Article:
March 18, 2024

Taste the Books: Review Morsels #49 Grace Curtis, Rebecca Rook, Ai Jiang


Intro


Hello beauties!

Welcome again to my own brand of mini reviews! I never thought I'd do minis, until I recapped a few of my long reviews in some digest post in 2014, and then guest-posted some shorties for a blogging event in 2015. And Karen from For What It's Worth started praising my short recs/recaps 😊. Just to be clear,  I'm NOT taking a break from writing long reviews - no such luck LOL (though for anthologies, shorter books or books that I didn't enjoy/I don't have enough to say about, I decided to stick to minis). But while I'm making up my mind about a new book I've read, I might as well give you the short version 😉. Just be warned - this feature will be VERY random!

Note: all the mini blurbs (in italics) are of my own creation.

Floating Hotel by Grace Curtis

★★★

In a dystopian future, on a cruise spaceship turned into a sanctuary for a group of misfits, lives and destinies intertwine and mysteries blossom, while an undercover rebel and spies from the Empire play cat-and-mouse.

***

Rated 3.5 really.

First off...DISCLAIMER: I requested this title on NetGalley. Thanks to Hodder & Stoughton for providing a temporary ecopy. This didn't influence my review in any way.

Let's preface this review by saying, Floating Hotel is good at what it does. My problem is that I don't fare well with characters galore and short stories (of which the book is, for all purposes, a collection, though they intersect creating a broader narrative), and I like a little more action and stakes in my books...not to mention I expected the sci-fi aspect to be meatier - hence my rating. But if you're more interested in the human angle, and you don't mind getting a condensed version of the many protagonists' lives, and you like coziness and gentle humour (with the occasional patch of violence, and on the backdrop of a dystopia/totalitarian regime), you'll enjoy this one. While not every character is particularly memorable or relevant for the main plot, most of them are captivating, and it was fun to see how they - or their stories - connected. There's a satisfying (if a bit implausible) twist in the end, and though we don't exactly get closure about the hotel employees, the epilogue is a celebration of quiet heroes, and a testament to hope and resistance in the face of oppression. No small feat these days...

Note: definitive review (I don't have enough to say to justify writing a full-length one later).

★★★

After causing a car accident, a young musician on the cusp of fame ends up in the afterlife and gets a chance to come back from the dead by performing a series of herculean tasks - but what about the innocents who paid for her mistake?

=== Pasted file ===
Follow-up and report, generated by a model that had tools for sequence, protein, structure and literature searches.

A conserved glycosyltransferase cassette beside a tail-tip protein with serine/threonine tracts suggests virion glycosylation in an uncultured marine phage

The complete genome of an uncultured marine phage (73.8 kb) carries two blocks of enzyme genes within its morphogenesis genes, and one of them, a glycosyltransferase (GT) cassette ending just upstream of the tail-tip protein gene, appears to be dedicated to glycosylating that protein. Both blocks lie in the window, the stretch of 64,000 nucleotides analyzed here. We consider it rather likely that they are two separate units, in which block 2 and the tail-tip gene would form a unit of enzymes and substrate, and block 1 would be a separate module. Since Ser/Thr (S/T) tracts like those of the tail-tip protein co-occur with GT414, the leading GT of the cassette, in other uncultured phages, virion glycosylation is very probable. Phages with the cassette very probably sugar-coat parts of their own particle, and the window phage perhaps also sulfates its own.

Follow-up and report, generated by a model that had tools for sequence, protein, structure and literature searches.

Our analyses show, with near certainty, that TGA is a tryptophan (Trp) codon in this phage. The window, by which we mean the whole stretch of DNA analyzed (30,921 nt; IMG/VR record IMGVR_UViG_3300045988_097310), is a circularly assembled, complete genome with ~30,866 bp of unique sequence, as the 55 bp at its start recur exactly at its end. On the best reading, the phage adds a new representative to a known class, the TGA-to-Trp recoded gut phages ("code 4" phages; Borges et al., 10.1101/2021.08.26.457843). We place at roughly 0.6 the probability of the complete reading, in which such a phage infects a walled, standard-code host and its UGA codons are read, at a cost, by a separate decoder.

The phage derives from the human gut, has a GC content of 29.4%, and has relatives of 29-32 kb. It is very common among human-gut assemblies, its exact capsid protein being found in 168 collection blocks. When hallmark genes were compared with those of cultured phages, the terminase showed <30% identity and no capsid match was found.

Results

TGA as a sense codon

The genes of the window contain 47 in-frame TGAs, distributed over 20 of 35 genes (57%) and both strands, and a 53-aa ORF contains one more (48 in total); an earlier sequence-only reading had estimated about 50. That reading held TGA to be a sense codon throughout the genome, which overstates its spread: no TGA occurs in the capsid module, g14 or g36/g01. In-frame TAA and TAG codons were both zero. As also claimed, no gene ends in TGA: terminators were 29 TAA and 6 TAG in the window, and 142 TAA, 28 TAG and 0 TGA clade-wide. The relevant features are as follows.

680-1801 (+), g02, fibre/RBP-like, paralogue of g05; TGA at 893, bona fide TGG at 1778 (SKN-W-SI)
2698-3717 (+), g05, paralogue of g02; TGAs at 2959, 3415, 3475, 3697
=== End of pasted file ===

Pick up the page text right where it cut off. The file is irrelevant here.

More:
***

First off...DISCLAIMER: I requested this title on NetGalley. Thanks to Xpresso Book Tours and Rebecca Rook for providing an ecopy. This didn't influence my review in any way.

Supernatural meets the Ghost Roads series by Seanan McGuire (there are a couple of details, one especially, that tie the GR world with this one, though I have no reason to think they're derivative) with a sprinkle of The Twelve Labours of Hercules. The author did a good job of making the protagonist likeable despite the reason that landed her in the afterlife, and both her regret and her love for music came across as heartfelt and genuine. The supporting (though not always supportive 😂) cast was mostly unique (I say "mostly" because of the detail I hinted at above) and made for a fun read, and the tasks Valentine had to undertake to fulfill her penance were very imaginative...So, why 3 stars? Because I craved for more. The trials, in particular, were inconsistent at best both in difficulty and scope, and even when they were said to be next to impossible (and especially in one instance, they did take a terrible toll) or promised irresistible temptations and unspeakable horrors (the Wild Hunt), either the writing didn't manage to convey the gravity of the situation, or such trials were simply too brief and/or a little underwhelming. I think with a little more fleshing out and editing, the book could have been fantastic (I did notice some errors too, though not grammatical ones - just spots where the author apparently couldn't decide on a tense or a turn of phrase, and ended up keeping both). Regardless, if you're a fan of dead/undead characters, peculiar found families, coming-of-age narratives and bittersweet endings, you'll probably find a lot to love in this story.

Note: definitive review (I don't have enough to say to justify writing a full-length one later).

 Linghun by Ai Jiang

★★★

In a town where the dead can manifest as spirits conjured by the grief of those they left behind, two teens and an elderly woman grapple with the consequences of this haunting (or lack thereof) and of the way it shapes their families and community.